I can attest to this fact from my own experience. Paul says that the idea of “Christ crucified” as the means of salvation would be foolishness to the Greeks. Well, for many years it was foolishness to me. I much preferred the complexity of Buddhism and Hinduism, or the sanity of New Thought. Still, somewhere down in the pit of my being, the Hound of Heaven was chewing on me. God was unrelenting in his pursuit of me and I, like Jonah, headed for the hills more than once. Still, God’s grace kept surrounding me and I could not escape. In fact, I came to treasure the comforting feeling of being surrounded by God. Finally, I accepted that I was accepted.
Once I stopped running; once my struggles with God came to a halt, it was like a whole panorama of spiritual reality opened before my eyes, including a deep sense of optimism and hope. As a result, I began to view the world, including its problems and pain, with a greater degree of compassion and a genuine desire for healing involvement.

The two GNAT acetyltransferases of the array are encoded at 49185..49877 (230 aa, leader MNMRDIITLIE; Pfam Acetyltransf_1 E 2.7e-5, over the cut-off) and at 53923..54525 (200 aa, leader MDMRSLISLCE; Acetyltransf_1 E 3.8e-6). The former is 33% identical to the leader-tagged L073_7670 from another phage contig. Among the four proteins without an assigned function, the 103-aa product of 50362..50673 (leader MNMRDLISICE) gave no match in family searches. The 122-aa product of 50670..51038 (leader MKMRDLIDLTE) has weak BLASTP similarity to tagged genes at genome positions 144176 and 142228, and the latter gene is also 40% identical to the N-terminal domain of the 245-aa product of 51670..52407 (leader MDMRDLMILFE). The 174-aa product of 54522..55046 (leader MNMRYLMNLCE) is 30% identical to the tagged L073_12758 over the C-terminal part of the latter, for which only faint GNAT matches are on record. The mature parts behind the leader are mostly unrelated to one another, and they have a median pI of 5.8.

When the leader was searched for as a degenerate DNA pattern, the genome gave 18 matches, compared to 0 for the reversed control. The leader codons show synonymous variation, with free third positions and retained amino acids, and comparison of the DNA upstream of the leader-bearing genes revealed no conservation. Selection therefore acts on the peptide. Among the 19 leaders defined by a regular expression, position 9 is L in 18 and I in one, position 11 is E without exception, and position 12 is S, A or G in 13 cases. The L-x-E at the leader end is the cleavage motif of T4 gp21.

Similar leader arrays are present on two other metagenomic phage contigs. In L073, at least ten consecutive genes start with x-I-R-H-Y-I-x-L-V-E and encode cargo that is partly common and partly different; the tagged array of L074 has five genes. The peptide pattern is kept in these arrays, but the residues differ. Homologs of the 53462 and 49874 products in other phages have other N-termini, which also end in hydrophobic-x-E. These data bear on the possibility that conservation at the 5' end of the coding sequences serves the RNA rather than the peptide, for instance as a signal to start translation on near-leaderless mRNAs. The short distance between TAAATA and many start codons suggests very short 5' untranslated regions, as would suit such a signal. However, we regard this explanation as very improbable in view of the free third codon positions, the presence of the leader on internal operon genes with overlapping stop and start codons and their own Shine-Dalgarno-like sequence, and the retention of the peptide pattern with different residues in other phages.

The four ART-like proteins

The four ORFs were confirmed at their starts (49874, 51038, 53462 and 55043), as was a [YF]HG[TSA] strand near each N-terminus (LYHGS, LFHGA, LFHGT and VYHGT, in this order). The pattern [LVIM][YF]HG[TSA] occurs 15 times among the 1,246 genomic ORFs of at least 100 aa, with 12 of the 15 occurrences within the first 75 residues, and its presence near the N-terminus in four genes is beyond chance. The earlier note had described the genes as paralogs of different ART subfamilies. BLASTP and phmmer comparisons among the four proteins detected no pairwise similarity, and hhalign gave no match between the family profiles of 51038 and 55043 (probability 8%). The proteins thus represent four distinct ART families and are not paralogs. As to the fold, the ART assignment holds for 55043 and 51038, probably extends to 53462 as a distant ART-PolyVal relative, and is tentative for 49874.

With the help of the Holy Spirit, I came to understand at a deeper level that I was in fact accepted. Accepted in my weakness because this is where the strength of Christ is seen. Accepted in my brokenness because this is where the healing of Christ is seen. Accepted in my faithlessness because this is where the fidelity of Christ is seen. Accepted in my wandering in the wilderness because this is where Christ’s true and stable mansions are eventually discovered.